3. Helping to eradicate H. pylori, a specific pathogen common in the alopecia community.
My goal with this post is to explain the low HCl, H. pylori, low iron/ferritin trifecta. Keep reading!
What are the Symptoms?
Get this—the symptoms of low HCl are the same as an overproduction of stomach acid. (Slaps forehead.) Most notably, heartburn and acid reflux.
This is why acid blockers and PPIs (proton pump inhibitors) do nothing and in fact, make matters worse. Why oh why the medical community continues to hand out PPIs like candy is beyond me, especially when more people have low HCl vs. an abundance of acid.
You could also experience bloating and distention, gas, and undigested food in your stool as well as peeling nails, dry skin, bone loss, and…hair loss.
Now, you don’t have to necessarily experience heartburn and acid reflux to have low HCl. I’ve worked with many clients who had neither of these symptoms and their HCl was in the tank.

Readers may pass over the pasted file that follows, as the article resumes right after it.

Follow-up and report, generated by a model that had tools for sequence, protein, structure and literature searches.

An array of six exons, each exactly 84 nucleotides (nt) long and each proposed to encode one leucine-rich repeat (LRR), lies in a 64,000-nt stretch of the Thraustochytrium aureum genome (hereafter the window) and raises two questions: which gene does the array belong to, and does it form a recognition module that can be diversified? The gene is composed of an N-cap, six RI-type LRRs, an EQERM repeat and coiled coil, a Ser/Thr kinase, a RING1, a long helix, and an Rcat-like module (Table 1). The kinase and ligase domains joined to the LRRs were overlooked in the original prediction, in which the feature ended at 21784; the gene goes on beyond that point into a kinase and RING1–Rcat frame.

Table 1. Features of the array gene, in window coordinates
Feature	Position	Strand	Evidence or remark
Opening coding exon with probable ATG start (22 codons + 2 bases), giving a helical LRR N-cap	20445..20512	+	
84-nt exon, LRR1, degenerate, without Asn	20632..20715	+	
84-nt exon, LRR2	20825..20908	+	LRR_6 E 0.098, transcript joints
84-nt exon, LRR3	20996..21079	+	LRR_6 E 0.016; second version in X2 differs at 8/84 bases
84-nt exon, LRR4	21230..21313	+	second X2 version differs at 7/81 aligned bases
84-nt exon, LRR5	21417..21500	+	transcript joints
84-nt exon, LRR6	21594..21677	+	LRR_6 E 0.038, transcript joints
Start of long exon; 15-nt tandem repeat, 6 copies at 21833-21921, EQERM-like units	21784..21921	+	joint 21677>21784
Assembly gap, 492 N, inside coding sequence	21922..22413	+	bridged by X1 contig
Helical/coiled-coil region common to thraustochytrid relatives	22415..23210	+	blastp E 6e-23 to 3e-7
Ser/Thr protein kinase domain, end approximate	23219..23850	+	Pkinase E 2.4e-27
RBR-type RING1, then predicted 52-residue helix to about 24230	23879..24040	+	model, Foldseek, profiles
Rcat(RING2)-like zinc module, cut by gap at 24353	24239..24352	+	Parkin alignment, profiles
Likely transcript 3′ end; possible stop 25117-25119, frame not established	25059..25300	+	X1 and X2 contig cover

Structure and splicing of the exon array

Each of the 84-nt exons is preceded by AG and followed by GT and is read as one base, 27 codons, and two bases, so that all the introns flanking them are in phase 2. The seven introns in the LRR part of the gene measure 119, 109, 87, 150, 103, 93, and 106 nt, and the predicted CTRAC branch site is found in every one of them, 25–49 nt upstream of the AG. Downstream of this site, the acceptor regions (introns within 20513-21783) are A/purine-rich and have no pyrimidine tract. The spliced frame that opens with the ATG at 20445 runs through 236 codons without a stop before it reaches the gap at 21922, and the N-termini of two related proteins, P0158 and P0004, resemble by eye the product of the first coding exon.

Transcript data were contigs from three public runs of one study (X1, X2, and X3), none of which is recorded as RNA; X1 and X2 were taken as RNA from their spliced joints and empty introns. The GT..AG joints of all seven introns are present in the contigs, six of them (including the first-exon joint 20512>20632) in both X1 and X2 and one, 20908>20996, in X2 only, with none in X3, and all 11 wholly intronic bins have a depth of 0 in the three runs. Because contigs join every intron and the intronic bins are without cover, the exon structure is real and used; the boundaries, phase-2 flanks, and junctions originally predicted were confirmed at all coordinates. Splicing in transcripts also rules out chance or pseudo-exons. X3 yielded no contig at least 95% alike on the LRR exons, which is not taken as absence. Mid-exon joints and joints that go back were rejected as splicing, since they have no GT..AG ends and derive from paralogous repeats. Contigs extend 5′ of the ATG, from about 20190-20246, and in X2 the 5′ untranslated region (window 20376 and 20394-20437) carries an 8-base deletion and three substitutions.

The H. Pylori Relationship
For many, there is an inverse or teeter totter relationship between HCl and H. pylori, a pathogenic gut infection that can be challenging—but not impossible—to treat.
It’s long-known that an infection is often a leg of the autoimmunity stool—and again, H. pylori, while present in about 50% of the population, is very common in the alopecia community. Eradicating any infection is important and many with alopecia have seen regrowth after testing for and treating this nasty bug.
In my coaching practice and my Reversing Alopecia mastercourse (which I’m soon making available as a homestudy), I offer a stool analysis that tests for the presence of H. pylori and its possible virulence factors. Treatment can be multi-pronged and isn’t always straightforward. But again, it’s entirely possible to treat/eradiate.